Cross posted from the White House blog:
Last week, I met with 20 business leaders from all over Colorado at a White House Business Council roundtable in Denver. It was an opportunity for me and my Colorado staff to get feedback on government programs, policies, and innovative ideas that are working to help create jobs – as well as ones that could be improved. Other Cabinet officials and top White House staffers have hosted more than 100 of these sorts roundtables of around the country. And over the coming weeks we will be holding these conversations in rural areas.
In Denver, I heard from business leaders who discussed the value of President Obama’s tax policies for businesses of all sizes, and appreciated the administrations is work to better partner with the business community. We had a productive dialogue about how the pending trade agreements with South Korea, Columbia and Panama will benefit local agricultural producers, with the potential to create hundreds of jobs in Greeley, Colorado and other towns. And we discussed how resorts might form partnerships on recreation to make better use of forests and other natural environments to help create jobs in communities throughout the Rocky Mountains. Read more »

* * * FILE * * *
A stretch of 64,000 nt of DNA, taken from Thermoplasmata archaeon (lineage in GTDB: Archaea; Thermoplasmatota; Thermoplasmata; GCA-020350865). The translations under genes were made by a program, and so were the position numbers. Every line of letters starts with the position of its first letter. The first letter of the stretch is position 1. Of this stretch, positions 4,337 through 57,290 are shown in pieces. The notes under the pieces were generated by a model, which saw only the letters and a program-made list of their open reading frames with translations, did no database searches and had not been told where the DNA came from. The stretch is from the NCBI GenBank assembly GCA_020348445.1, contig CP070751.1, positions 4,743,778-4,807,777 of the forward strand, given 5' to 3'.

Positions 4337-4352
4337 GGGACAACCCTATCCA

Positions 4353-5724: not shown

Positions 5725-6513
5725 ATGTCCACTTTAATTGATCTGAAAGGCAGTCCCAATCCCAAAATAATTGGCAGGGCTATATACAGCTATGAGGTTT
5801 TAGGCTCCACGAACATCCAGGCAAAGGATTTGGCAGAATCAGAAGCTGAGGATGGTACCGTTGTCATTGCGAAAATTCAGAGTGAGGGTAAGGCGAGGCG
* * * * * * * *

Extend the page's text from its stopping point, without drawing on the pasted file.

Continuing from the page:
Last week Agriculture Under Secretary for Rural Development Dallas Tonsager met with Twenty-two Utah business leaders for a White House Business Council roundtable. The meeting was hosted by Zions Bank Corporation and USDA Rural Development. Salt Lake City was one of the 100 communities across the nation to hold a White House Business Council event. The Salt Lake meeting gave businesses the opportunity to share their ideas for job creation with the White House and USDA.